All Judges, lawyers, agents, officers, and correctional officers have to make decisions about how to appropriately proceed with the detainment and punishment of criminals. With these decisions, a specific number of rules need to be followed in order for one to receive a fair trial and sentencing with no biases. Correctional officers put their lives on the line on a daily basis in prison, and they are expected to comply with a code of ethics which outlines the general guidelines of the ethical behaviors and conducts of correctional officers. The code of ethics should be part of the officers’ character and they should learn to live and think ethically in order to evade any conflicting behaviors. According to John Kultgen, author at IBM industry noted that “every code must be treated as a hypothesis to be tested and adapted while following it. This explains that with the aim of evolving, correctional officers must adhere to the code of ethics since these codes are a coherent standard that stems from accepted morals and ethical principles, which in turn support the construction of a code of ethics suitable for the criminal justice responsibilities being carried out. Following these codes will assure that an individual is treated with the respect he deserves even if he is a criminal, and there is no prejudice when it comes to the well-being that prisoner. A correctional officer is defined as an officer that “supervise individuals who have been arrested and are being held for trial or who have been convicted of a crime and are serving a sentence in a jail, reformatory, or penitentiary (How to Become a Corrections Officer). Federal and state prisons, county jails, and other correctional facilities help communities to keep the public safe by operating these secure facilities for individuals that committed an unlawful act.
With this, the correctional department implemented the codes of ethics which every correctional officer must follow. Correctional officers recognize these unlawful act and spend their lives working trying to guard and help these criminals from eroding the public’s assurance by their unethical behaviors and misconduct. Correctional officers’ duties towards the facility and the inmates are to “[keep the peace and ensure order], monitor the activities of inmates and document their progress, provide the appropriate rehabilitation services to inmates, and abide by and enforce policies at all time. And they, correctional officers, are entitled to the right of a “fair and just compensation, including employment benefits, and the right to due process, especially if accused of policy violations. With all these duties and rights of a correctional officer, they also have privileges that are within the constraints of the law and conforms to the institutional rules and regulations. But sometimes a few of these officers turn to collect bribes or gratuities to supplement low pay causing fraud. When an individual commits a crime, and is lawfully incarcerated, that person still maintains a few of his constitutional rights and the federal courts must resolve any violations of these entitlements. It is the correctional officers job to ensure these rights are carried out, among the rights are “not discriminated against for their skin color, physical appearance, race, gender, sexual orientation, religious beliefs, and other attributions, receive basic necessities and a decent living condition, and exercise the rights to which they are entitled (Principles of Professional Conduct, 2018).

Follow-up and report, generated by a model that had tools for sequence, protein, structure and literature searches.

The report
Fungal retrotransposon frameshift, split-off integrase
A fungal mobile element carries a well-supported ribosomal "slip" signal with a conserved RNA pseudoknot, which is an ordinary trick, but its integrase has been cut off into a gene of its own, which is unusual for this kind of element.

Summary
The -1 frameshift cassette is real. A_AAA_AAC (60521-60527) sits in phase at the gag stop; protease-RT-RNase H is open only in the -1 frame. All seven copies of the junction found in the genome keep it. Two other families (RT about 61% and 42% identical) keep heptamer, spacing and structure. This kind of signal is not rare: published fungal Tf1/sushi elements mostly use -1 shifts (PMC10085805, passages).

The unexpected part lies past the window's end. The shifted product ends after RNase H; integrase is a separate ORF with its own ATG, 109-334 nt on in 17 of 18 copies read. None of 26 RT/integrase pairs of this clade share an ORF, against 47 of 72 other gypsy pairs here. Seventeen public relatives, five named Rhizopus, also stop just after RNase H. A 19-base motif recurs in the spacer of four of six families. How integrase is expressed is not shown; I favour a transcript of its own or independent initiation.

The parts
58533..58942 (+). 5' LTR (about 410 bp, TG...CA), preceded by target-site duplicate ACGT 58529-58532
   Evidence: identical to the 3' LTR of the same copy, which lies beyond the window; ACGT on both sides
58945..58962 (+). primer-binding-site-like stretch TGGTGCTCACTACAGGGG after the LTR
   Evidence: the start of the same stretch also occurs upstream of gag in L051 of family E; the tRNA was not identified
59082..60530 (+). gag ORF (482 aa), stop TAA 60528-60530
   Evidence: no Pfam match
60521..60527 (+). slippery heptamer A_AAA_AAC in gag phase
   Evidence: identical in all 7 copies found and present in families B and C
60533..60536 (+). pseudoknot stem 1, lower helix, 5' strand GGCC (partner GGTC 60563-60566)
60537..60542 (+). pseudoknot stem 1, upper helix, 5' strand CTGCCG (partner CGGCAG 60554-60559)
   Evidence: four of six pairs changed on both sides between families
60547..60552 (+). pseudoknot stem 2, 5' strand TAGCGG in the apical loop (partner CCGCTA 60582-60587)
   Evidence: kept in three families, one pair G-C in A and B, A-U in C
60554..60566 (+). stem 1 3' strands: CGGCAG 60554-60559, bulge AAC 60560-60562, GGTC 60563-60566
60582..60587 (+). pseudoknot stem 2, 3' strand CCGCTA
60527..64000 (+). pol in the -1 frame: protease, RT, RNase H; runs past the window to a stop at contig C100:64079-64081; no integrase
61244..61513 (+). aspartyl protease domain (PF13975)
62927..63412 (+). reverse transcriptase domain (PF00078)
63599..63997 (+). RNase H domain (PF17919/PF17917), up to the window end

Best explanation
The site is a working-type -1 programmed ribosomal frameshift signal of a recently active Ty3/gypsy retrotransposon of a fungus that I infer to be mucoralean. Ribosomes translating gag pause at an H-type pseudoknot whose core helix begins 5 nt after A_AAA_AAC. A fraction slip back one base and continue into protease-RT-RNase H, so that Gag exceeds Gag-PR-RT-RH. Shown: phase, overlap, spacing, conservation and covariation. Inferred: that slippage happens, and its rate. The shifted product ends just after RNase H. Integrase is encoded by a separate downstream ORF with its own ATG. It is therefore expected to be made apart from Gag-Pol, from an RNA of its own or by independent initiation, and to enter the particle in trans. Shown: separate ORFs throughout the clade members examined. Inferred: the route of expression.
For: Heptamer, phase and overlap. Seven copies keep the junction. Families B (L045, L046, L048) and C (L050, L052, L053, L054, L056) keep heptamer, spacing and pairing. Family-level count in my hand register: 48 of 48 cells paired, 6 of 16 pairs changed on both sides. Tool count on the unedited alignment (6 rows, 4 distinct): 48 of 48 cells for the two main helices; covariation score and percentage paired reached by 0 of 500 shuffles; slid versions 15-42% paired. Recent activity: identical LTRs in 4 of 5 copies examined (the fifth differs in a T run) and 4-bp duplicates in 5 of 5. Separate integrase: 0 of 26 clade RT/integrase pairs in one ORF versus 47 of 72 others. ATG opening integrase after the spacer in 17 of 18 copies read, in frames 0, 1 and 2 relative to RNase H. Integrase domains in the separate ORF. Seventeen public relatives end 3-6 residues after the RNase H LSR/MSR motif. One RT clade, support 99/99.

When an offender is sentenced, he still has the “right to be treated fairly, with dignity and respect. Right to privacy. Right to be informed of policy in the correctional facility. Right to healthcare and personal development training (Principles of Professional Conduct, 2018). These rights help the correctional officers and the prisoner to know that they maybe at a different level in life but they are all still humans. With the aim of having an organized prison, there must be rules and regulations for both the correctional officers and the prisoners to follow and when these code of ethics are not adhered to, there will be complete and utter chaos. The duty of the criminal justice system is to penalize, protect the community and rehabilitate the offenders of today’s society and with the help of correctional officers, this task can be carried out. Many time, people take advantage of others this is why the code of ethics and conduct for both correctional officers and prisoners were implemented. In the earlier days of society, the government and law officials used a lot of unethical means of punishing the wrong-doers. But in present day, there are rules and regulations that needs to be followed in order to run a full functioning civilization and still allow the rights of prisoners to be expressed. Some of the rights and freedoms for prisoners are taken away when they enter prison, but they keep their constitutional rights, so they would not be mistreated. Correctional officers should be aware of these rights and should always do their best to help if any prisoner’s rights are being violated.